Written by General Jabbo
Big Star is one of those bands whose massive influence never translated into massive success. Bands such as R.E.M. and the Replacements worshipped the ground these guys walked on, yet many music fans have never heard of them. The re-release of the band’s first two albums, #1 Record and Radio City on one CD aims to change that.
Singer/guitarist Alex Chilton cut his teeth as the singer of the Box Tops, who hit number one with “The Letter” in 1967. Frustrated at just being the mouthpiece (the band didn’t write their own material), Chilton quit and headed to New York before returning to his native Memphis. At the same time, his friend of many years, Chris Bell, had formed a trio with fellow future Big Star members Andy Hummel and Jody Stephens called Ice Water. After Chilton’s failure in New York, he was persuaded to join Ice Water, who quickly renamed themselves Big Star after a local grocery store chain.
While Memphis was known for blues, soul, and R&B, and much of the rest of the rock world featured much heavier tunes, Big Star’s sound was firmly rooted in 1960s pop. Bell’s love for the Beatles inspired the Bell/Chilton writing credit on every song ala Lennon/McCartney and the band sounded like mid-period Beatles meet the Byrds with a little of the Kinks for good measure. Not many bands sounded like this in 1972 or even wanted to, and that may have hurt Big Star at the time, but they were very good at what they did.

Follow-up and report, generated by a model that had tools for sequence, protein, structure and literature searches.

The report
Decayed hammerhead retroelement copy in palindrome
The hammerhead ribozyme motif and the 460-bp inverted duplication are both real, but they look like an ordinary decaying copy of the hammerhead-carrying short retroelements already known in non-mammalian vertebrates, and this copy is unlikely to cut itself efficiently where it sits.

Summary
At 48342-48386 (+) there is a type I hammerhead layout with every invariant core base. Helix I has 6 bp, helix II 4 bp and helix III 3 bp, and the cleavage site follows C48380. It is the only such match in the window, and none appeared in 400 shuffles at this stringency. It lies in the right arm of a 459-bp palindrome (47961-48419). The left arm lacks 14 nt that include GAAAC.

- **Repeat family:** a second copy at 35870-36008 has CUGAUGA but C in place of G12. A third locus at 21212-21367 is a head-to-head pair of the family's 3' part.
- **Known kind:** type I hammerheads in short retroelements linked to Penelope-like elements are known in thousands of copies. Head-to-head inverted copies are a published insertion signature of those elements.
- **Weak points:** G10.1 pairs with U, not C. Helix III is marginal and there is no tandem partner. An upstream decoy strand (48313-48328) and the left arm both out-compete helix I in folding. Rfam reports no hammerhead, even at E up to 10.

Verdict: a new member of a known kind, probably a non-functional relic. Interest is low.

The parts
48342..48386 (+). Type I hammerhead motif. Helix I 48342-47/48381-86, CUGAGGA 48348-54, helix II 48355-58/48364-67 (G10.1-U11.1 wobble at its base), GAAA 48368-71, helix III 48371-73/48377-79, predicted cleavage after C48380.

Their debut mixed Bell rockers such as “Feel,” with its Robert Plant-like vocals, the urgent ‘Don’t Lie To Me” and “In The Street” (known more recently from the fine Cheap Trick cover used on “That 70s Show”) with the more wistful Chilton numbers, including the George Harrison-sounding “The Ballad of El Goodo” and “Thirteen,” a look back at Chilton and Bell’s childhood. It’s a well-crafted, layered piece of pop perfection, with perhaps the only misstep being Hummel’s “The India Song.”
The good times wouldn’t last, however. Bell was battling depression and drug dependency and the poor sales of #1 Record didn’t help this any. He quit the band during the sessions for Radio City and while it is reported he worked on a few songs (“O My Soul” and “Back of a Car”) he is not credited on the disc.
That’s a shame as Radio City more than lives up to its predecessor. Chilton, now firmly in control, plays and sings as if his career depended on it and the tension of a band falling apart is noticeable. The song “September Gurls “ alone makes Radio City essential, as it is one of the all-time great power pop songs with its memorable chorus and chiming guitars. Sadly, Hummel left after Radio City, and Bell died a few years later in a car accident; his rock dreams never fully realized.
The CD is nearly a straight reissue of the previous two-fer, including liner notes from 1986 and 1992, but does include the single mixes of “In the Street” and “O My Soul.” With a Big Star box set in the works, one can speculate that the record label is holding off on bonus tracks for that reason. Still, if you are to own any Big Star, this is the disc to own. Chilton trots out a new version of Big Star every now and then, but it is the songs on #1 Record/Radio City that have cemented he and Bell’s legend forever.